"A designer image with value pricing"— We love charming charlie's fresh focus, a brilliant marketing effort that launched last month with the inauguration of a chic advertising campaign and a new store look. Nowhere was this re-branding more evident than at the grand opening of the new charming charlie in CityCentre.
And we do mean "new."
Cyrstal chandeliers blazing, showcase after showcase of yummy baubles and beads arranged by color, stacks of bling — the setting was just right for the eager shoppers who poured in, scooping up sparkling items that looked far pricier than the average $10 and $20 price tags.
In the works are plans for 50 new branches based on the stunning design of the CityCentre location.
A new color scheme of navy and white stripes, played against swaths of bright green, set off the displays of enticing accessories. This was not your original charming charlie. Think high-style. Think sophistication.
And that is exactly the point according to charming charlie founder and CEO Charlie Chanaratsopon.
"No one else is doing what we are doing," he said as the sounds of the DJ cheerfully blasted through the sparkling emporium. "We are upping the fashion quality, the design and the scale. We want to do for accessories what H&M and Forever 21 have done for clothing."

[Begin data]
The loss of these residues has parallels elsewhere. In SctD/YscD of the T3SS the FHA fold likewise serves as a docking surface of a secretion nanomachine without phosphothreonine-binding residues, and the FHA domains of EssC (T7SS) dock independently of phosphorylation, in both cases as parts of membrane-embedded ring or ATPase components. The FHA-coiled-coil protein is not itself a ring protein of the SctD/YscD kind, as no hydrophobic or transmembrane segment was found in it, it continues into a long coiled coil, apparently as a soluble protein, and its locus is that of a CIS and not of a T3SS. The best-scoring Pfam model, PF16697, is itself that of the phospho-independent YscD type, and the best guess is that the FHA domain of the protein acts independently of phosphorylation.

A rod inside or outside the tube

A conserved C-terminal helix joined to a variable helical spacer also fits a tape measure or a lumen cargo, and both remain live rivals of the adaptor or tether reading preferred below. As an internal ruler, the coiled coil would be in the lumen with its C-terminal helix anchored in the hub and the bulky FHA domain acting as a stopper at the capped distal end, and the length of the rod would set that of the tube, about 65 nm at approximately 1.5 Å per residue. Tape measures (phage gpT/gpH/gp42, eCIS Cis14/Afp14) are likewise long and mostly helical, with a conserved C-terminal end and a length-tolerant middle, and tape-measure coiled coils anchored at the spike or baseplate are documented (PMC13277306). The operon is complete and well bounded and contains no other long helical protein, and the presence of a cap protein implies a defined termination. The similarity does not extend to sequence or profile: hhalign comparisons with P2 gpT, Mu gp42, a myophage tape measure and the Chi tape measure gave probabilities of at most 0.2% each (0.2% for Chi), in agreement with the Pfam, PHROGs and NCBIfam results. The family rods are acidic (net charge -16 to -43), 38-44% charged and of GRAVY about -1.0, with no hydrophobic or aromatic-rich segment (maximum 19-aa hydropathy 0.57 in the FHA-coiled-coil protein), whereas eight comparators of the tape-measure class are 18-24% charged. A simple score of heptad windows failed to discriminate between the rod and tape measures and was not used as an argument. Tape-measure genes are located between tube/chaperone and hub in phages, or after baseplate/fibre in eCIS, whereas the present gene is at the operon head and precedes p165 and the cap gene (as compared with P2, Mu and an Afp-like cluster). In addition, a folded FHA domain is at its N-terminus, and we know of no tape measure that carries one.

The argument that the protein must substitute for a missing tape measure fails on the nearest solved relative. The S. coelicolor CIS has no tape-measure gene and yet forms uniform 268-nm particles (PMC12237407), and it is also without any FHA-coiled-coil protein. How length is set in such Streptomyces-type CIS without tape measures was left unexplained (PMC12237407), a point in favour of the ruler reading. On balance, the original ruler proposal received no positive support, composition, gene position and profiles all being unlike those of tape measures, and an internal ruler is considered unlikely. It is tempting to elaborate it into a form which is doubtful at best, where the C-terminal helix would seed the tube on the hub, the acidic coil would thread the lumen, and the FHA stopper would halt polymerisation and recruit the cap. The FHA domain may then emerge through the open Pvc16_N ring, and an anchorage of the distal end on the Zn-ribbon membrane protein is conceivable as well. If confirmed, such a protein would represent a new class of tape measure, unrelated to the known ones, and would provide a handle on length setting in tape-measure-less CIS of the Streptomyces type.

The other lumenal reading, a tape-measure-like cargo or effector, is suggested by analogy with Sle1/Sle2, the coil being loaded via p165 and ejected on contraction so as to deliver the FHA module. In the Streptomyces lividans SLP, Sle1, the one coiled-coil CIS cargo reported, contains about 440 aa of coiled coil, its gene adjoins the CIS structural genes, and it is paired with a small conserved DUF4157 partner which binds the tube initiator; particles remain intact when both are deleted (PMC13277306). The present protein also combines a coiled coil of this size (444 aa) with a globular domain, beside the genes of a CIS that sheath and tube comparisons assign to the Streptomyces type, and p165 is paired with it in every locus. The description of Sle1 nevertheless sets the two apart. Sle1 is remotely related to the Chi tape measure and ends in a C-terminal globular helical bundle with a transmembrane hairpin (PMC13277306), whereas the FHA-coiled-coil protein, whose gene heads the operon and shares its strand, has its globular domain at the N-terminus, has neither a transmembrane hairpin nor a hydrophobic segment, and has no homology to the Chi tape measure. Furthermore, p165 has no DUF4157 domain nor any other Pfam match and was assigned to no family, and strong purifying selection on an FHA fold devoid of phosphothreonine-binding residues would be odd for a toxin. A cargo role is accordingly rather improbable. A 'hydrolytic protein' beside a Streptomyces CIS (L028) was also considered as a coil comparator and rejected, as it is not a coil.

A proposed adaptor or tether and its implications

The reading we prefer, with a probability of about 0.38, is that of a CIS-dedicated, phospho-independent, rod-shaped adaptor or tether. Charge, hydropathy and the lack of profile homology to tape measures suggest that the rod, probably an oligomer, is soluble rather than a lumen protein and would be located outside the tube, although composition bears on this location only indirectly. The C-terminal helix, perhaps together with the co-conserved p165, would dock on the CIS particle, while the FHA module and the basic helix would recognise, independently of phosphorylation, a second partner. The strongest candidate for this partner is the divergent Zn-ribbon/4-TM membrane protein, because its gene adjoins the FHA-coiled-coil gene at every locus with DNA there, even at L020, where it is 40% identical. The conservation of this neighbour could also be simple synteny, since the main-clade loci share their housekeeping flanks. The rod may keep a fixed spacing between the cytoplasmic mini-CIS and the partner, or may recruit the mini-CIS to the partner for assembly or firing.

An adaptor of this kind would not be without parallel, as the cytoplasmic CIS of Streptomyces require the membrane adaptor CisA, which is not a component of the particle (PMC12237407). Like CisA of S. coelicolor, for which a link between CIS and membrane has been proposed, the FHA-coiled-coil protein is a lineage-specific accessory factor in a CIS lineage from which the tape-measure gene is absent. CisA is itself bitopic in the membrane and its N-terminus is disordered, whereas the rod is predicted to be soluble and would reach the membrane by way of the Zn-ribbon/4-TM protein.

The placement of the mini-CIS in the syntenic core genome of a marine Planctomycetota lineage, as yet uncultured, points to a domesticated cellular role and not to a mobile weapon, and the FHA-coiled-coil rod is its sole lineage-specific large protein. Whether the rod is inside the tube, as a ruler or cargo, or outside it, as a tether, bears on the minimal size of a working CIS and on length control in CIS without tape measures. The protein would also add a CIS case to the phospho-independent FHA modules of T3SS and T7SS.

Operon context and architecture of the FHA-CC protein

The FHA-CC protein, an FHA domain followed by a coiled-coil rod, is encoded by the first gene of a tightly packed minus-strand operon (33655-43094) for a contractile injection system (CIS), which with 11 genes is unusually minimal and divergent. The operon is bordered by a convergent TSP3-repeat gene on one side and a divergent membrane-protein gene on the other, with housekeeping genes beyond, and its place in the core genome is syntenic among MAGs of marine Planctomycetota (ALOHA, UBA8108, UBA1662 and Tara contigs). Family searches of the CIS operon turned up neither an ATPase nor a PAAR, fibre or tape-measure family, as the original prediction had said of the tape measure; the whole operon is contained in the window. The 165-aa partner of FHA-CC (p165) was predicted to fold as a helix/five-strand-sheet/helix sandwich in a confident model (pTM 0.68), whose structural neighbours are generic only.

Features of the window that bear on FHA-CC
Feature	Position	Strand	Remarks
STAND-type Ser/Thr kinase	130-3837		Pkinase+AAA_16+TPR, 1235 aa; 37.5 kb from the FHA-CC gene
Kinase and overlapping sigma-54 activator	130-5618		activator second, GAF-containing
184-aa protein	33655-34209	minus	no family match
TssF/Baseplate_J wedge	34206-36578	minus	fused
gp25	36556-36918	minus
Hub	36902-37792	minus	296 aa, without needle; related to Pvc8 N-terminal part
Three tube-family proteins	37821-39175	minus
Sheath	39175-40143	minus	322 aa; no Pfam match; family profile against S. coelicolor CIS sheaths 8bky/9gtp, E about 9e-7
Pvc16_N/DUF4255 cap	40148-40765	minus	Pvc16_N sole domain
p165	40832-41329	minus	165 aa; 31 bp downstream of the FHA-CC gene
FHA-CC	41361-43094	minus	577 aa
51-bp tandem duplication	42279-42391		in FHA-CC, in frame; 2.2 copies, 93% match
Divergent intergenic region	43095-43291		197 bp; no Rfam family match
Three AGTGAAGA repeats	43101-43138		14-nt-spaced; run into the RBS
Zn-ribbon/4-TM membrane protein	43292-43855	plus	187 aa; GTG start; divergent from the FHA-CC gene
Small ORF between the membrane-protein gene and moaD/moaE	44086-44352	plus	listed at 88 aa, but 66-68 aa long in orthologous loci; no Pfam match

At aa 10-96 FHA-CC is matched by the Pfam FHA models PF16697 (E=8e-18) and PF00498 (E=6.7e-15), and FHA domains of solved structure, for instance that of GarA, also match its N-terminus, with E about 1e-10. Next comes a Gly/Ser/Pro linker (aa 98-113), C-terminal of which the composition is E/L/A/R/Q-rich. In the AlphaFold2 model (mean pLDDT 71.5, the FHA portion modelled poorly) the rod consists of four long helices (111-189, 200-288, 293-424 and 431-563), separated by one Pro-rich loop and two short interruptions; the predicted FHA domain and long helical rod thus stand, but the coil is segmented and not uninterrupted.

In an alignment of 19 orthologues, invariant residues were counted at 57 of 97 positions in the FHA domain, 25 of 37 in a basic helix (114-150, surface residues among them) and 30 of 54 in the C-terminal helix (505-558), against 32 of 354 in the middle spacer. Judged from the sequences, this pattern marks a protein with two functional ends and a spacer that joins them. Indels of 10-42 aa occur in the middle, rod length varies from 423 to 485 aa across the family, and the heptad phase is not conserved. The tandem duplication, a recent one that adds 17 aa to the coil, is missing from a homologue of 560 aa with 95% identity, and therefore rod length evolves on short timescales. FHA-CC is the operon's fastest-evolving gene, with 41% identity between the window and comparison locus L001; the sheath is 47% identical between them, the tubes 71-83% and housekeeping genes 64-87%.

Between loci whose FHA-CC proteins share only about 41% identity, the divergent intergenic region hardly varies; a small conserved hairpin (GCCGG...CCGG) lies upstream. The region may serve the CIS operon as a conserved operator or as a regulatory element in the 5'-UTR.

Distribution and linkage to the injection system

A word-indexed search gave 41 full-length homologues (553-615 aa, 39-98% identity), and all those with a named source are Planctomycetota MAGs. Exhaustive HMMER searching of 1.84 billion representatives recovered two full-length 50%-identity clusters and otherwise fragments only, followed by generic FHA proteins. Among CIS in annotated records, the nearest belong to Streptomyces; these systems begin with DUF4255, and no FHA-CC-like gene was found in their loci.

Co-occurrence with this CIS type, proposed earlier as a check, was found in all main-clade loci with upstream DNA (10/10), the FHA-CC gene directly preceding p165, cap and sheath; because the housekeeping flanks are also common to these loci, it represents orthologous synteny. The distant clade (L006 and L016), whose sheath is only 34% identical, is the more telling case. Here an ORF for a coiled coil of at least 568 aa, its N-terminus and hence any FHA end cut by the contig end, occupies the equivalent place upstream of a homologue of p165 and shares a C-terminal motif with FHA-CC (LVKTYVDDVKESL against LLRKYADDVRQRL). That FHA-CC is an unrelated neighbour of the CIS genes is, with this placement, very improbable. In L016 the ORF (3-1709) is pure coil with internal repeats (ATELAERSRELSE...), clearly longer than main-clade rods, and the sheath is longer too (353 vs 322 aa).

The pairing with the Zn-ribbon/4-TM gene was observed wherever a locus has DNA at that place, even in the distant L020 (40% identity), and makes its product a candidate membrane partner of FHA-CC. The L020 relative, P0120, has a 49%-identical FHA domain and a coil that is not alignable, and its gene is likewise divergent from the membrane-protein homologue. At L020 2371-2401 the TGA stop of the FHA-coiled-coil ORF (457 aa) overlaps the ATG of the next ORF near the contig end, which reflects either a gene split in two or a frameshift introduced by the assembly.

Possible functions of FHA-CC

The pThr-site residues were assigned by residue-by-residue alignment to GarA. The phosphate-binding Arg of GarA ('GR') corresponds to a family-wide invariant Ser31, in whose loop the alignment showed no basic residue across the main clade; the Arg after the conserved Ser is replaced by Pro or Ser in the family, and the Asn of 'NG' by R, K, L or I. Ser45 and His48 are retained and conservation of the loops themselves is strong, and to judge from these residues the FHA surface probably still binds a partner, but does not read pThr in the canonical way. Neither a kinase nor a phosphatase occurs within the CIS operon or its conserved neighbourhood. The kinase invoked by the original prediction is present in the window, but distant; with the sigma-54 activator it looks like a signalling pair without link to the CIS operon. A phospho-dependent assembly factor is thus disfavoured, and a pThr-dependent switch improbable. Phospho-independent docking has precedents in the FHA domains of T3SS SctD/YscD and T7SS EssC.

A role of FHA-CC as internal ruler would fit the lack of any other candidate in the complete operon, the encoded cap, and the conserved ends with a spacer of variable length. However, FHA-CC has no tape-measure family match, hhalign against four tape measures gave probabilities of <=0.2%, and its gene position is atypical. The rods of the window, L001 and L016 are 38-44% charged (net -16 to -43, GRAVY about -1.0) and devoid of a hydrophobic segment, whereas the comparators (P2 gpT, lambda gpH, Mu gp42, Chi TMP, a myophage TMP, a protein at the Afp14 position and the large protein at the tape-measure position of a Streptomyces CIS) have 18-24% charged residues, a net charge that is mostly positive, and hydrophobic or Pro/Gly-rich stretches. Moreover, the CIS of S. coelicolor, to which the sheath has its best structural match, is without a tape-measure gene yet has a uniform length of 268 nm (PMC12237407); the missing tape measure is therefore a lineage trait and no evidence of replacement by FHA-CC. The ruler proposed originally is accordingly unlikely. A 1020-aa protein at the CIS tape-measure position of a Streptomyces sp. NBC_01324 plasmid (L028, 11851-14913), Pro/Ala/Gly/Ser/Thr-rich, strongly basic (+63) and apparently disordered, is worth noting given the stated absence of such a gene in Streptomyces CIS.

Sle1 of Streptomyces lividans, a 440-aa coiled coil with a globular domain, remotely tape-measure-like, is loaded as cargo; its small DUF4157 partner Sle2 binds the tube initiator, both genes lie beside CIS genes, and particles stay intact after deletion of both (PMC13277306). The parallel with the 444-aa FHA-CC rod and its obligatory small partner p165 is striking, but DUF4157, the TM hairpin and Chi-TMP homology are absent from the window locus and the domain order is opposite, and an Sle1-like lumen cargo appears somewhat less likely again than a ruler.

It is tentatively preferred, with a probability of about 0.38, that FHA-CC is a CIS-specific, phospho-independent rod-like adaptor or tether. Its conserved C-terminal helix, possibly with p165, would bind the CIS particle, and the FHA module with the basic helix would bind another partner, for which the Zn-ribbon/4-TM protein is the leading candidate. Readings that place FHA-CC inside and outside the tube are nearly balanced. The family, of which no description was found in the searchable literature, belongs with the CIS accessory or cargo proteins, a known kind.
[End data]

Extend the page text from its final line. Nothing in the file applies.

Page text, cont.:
Chanaratsopon founded the company in Houston in 2004 and has grown the boutique of fabulous interpretations of high-priced goods into a nationwide business with more than 230 stores. In the works are plans for 50 new branches based on the stunning design of the CityCentre location.
That fresh look, created by interior designer Blair Gordon, who last year relocated from New York to Houston, will serve as inspiration for the stores to come. The sophisticated design should make even the most monied shopper feel comfortable.
Beyond the must-have costume jewelry, charming charlie is upping its line of handbags and clothing giving shoppers more reasons than one to check out the new store.
As part of a community involvement effort, the company has forged a partnership with Houston Ballet, providing thousands of dollars a year in merchandise for ballet costuming.
Houston Ballet's wardrobe manager Laura Lynch selects the jewelry pieces that are dismantled and used in headpieces, rings and decorative patterns on tutus. (And anyone who knows charming charlie knows that even $1,000 would pay for a boatload of those baubles and beads.)
The store opening served as a fundraiser for Houston Ballet.